Academy Curricular Exchange
Columbia Education Center
Social Studies



TITLE:  JUSTICE

AUTHOR:  Melanie McCool; Cushing High School, Cushing, OK

GRADE LEVEL/SUBJECT: 7-12.

OVERVIEW: This lesson will allow students to experience brainstorming
and open-ended questioning strategies and research to develop a
better understanding of the justice system.

PURPOSE: To provide an opportunity for students to discuss both
strengths and weaknesses of the court system in providing equal
justice for all and to identify factors that cause these weaknesses
and recommend solutions.

OBJECTIVES: As a result of this activity:
  1. The student will investigate the criminal justice system.
  2. The student will analyze the 7 Articles to the Constitution.
  3. The student will develop problem-solving and critical-thinking
     skills.

RESOURCES/MATERIALS NEEDED:
  1. Attitudinal Survey.
  2. Picture of the Supreme Court Building emphasizing motto "EQUAL
JUSTICE FOR ALL."
  3. Picture of symbol of justice (blindfolded woman holding balance
scale).
  4. United States Constitution
  5. State Constitution
  6. Guest speakers (attorney, judge)
  7. Library

ACTIVITIES AND PROCEDURES:
  1. Students take attitudinal survey.
  2. Brainstorm "Equal Justice for All" motto on Supreme Court
     Building.  Students write their opinions of what the motto means.
     a. Show picture of symbol of justice.
     b. Ask: What is the meaning of the symbol?
     c. Why is the woman blindfolded?
     d. What does the scale stand for?
  3. Constitution Search: Point out "establish justice" as purpose
     outlined in Preamble.  Have students search the Constitution to
     find ways this purpose is carried out.  (Use only the 7 Articles
     to the Constitution.)
  4. Guest: Invite a local trial court judge to discuss the
     organization of the court system.
  5. Guest: Invite an attorney to visit.  Raise questions about
     appeal, time involved in judication, and fairness of the
     system.

TYING IT ALL TOGETHER:
  1. Students complete attitudinal survey and discuss.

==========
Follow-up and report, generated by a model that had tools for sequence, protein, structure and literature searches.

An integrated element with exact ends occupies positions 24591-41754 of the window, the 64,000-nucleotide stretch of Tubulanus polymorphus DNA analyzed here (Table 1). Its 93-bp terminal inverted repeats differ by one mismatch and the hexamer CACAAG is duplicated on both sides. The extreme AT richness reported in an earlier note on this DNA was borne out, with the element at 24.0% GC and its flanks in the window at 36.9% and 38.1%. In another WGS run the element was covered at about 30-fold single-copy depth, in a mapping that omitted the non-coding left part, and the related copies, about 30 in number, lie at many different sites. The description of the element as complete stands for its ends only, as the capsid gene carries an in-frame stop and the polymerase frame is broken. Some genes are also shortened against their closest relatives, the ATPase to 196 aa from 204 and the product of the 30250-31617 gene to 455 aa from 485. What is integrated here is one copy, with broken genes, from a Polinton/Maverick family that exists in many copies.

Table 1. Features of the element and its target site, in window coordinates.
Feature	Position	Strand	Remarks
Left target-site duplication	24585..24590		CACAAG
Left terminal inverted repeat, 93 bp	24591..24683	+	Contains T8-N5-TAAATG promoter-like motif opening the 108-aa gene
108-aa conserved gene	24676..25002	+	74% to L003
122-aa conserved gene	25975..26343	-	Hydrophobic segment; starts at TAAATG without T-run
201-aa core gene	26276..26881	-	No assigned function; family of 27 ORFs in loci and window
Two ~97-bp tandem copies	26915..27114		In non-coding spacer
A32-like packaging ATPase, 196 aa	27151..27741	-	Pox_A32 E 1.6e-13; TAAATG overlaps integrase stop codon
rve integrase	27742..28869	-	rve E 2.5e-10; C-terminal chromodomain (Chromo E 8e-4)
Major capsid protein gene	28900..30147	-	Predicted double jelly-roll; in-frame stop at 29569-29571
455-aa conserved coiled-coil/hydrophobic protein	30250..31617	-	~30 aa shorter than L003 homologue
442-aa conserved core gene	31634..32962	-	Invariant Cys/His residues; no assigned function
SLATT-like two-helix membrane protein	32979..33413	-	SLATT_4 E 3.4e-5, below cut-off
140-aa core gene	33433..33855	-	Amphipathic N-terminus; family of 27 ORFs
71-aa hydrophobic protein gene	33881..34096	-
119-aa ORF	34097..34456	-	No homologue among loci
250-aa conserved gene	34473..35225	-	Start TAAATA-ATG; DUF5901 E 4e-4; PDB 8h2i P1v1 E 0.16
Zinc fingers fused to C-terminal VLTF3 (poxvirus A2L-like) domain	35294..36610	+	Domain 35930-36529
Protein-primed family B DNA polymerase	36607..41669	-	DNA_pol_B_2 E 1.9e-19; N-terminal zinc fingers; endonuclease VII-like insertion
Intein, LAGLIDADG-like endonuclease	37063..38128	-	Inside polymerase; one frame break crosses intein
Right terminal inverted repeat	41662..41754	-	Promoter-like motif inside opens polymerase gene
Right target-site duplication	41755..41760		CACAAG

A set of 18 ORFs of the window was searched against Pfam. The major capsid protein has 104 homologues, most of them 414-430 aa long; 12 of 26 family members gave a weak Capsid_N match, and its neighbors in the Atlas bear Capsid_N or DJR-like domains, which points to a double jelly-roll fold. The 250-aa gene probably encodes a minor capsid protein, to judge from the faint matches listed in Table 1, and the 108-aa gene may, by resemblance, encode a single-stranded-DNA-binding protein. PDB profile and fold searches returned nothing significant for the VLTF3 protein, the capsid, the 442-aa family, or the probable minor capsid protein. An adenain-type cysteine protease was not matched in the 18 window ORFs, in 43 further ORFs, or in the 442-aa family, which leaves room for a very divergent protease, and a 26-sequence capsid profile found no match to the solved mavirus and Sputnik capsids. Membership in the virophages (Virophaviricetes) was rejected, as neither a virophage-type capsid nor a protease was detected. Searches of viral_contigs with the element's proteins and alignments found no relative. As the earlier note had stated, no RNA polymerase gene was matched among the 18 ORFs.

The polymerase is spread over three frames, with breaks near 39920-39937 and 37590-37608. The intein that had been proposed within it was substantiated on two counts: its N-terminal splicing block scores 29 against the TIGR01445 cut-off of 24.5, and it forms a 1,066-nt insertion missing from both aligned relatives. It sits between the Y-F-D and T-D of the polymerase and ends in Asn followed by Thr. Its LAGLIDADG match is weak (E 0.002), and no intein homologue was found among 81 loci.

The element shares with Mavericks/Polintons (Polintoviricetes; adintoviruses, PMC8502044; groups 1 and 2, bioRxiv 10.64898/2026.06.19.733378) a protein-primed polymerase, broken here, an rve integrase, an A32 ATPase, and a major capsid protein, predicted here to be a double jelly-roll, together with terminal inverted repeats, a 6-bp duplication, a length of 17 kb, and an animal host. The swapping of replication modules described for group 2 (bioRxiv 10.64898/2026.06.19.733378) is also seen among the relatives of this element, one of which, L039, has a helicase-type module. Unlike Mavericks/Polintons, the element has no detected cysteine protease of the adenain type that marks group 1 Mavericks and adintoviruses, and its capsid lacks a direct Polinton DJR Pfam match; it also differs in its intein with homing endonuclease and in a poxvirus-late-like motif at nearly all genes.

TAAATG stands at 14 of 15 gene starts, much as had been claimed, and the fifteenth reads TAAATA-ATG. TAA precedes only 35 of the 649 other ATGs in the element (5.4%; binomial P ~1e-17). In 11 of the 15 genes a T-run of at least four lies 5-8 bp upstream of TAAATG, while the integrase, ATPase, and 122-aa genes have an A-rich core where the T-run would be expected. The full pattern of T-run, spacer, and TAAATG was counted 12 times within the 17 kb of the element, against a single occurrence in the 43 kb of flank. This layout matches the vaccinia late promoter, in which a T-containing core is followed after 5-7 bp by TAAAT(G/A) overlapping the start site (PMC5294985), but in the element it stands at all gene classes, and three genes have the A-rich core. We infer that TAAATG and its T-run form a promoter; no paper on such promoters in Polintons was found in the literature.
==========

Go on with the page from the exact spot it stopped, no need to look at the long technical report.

2. After the visit from a local trial court judge have students
construct a diagram of the applicable federal and state courts for
their jurisdiction.  Debrief: Does the flow chart indicate an
effort to provide "equal justice?"  Ask for suggestions to improve
the system.
  3. Encourage all students to share the results of this activity
with their parents/guardians.
  4. Use this activity to introduce the first unit or lesson.


ATTITUDINAL SURVEY

Instructions: For each of the following statements, put a check in
the column which corresponds most closely with your opinion.
 
                                             SA  A  U  D  SD 
1. In a court of law, the defendant is
   always treated justly.
2. Trial by jury should be abolished.
3. A person is always considered
   innocent until proven guilty.
4. The more money you have, the more
   likely you are to be proven innocent.
5. Everyone should be required to serve
   on a jury at least once in his life.
6. Courts are too lenient with criminals.
7. People who have low IQ's should not be
   allowed to serve on juries
8. In the United States, every defendant
   who requests a jury trial is actually
   tried by his peers.
9. All judges should be elected by the
   people they serve.
10.People who do not agree with the outcome
   of their trial should only be allowed
   to appeal their case one time.
11.The news media should be allowed to cover
   all trials without restriction because
   the Constitution guarantees the right of
   freedom of the press.
12.Courts usually see that justice is served.
13.People charged with serious crimes should
   not be allowed out on bail.
14.Most trials should take place with-out a
   judge since his role is only to umpire the
   proceedings.
15.The judicial system in the United States is
   probably the best system which has ever been
   developed.

KEY:
SA=Strongly Agree  /  A=Agree  /  U=Undecided
/  D=Disagree  /  SD=Strongly Disagree


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John Kurilecjmk@ofcn.org